As a profession, dentistry includes repetitive reaching, twisting and turning that can lead to chronic back and neck pain. However, a good set of core equipment will enable and encourage comfortable patient positioning and provide excellent access to the patient’s oral cavity. Learn about the ergonomics of dental stools and patient chairs from A-dec.
On their own, 3D cone beam computed tomography and CAD/CAM solutions are powerful tools. Put them together and you can elevate your practice and patient experience to a whole new level.
For the dentist, a fully-integrated CAD/CAM solution means a practice can perform a wide variety of procedures in a more accurate, fast and easy way. Hear from some of the top dentists in the country who credit their investment in CAD/CAM technology as a main reason for practice growth.
One way to promote health and safety in the dental setting is through sound office design and the right equipment. A-dec has the ergonomic equipment dental practices need to provide a safe and healthy work environment.
As a partner at Gentling Dental Care in Rochester, Minn., Ryan Henrichsen, DDS, MAGD, found himself building many mandibular advancement devices, treating TMJ issues and focusing more on the airway component of these conditions. Henrichsen eventually opened Respira – Airway, Snoring, & TMJ in January 2021.
Dental unit waterlines (DUWLs) and evacuation systems are an invaluable asset in the dental operatory. But evacuation lines can become a source of cross-contamination because they serve as ideal breeding grounds for biofilm. To ensure safe DUWL use, dental professionals must adopt a three-pronged approach to battle biofilm at its source.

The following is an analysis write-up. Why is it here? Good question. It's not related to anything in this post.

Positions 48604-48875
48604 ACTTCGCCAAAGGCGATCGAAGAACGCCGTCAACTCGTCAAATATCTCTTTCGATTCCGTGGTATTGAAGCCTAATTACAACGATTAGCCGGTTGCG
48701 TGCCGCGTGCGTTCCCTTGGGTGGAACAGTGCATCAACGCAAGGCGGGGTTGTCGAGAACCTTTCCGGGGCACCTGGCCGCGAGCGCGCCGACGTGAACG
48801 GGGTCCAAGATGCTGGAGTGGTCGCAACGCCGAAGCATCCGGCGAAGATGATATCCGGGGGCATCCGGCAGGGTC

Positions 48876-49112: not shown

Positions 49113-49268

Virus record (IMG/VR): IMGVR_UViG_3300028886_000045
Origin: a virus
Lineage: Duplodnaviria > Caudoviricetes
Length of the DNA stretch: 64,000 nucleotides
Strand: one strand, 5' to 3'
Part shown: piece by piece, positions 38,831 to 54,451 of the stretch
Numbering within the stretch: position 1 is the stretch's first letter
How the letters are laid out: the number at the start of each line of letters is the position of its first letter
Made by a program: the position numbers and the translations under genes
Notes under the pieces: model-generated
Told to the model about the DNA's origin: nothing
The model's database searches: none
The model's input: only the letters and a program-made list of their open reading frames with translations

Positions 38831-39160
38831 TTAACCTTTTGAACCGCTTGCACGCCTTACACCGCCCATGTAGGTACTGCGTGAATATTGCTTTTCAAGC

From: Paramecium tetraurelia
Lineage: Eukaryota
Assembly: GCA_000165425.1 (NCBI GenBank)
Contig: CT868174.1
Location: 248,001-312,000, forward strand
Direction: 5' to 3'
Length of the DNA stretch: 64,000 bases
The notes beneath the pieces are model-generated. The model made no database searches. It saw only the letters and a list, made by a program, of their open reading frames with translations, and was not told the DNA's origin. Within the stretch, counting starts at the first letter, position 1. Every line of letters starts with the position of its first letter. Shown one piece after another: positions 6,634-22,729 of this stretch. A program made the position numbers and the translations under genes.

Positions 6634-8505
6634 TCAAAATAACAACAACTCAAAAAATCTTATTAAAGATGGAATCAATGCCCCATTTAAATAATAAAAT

By allowing hygienists to select and purchase products, a practice can take advantage of their hygienist’s professional expertise, answering important questions about what equipment is needed and how these choices will work best to treat patients. Here are three key considerations to make when selecting hygiene equipment.
The Solea all-tissue dental laser opens up a new level of productivity for your practice. From workflow to scheduling, the Solea laser helps your practice achieve more each day while also conserving personal protective equipment (PPE) in the process.
Dental practices that have seen continued growth throughout the COVID-19 pandemic have largely relied on technology. Some have put current technologies to newfound use, while others have invested in new dental technology to bring in extra revenue. Continue reading for three technologies dentists have relied on to keep schedules full and revenues up during the COVID-19 pandemic.
If you clearly define your practice vision and goals, and then choose the appropriate technology to help you reach them, you can confidently take the steps needed to move your practice forward. Here are a few ideas to keep in mind when investing in dental technology.
When dental offices reopened amid the COVID-19 pandemic, some practice owners saw an increase in costs associated with PPE, coupled with a loss in revenue from scheduling fewer patients. Learn how Mark Ligocki, DDS, surpassed pre-COVID production and collections by performing new procedures and doing more same-day dentistry with the Solea all-tissue laser.
As states lift stay-at-home orders and dental offices welcome back patients, it is essential to keep patient comfort and safety at the forefront while maximizing appointment efficiencies. The Solea laser is one way your practice can introduce an anesthesia-free appointment that reduces aerosols and allows you to get more work done with each appointment.
CAD/CAM technology has been around for years, and more recently, the digital imaging component has become even more popular. Dr. Sameer Puri, director of CAD/CAM at Spear Education Center, explains the value of adding a CEREC system to your office.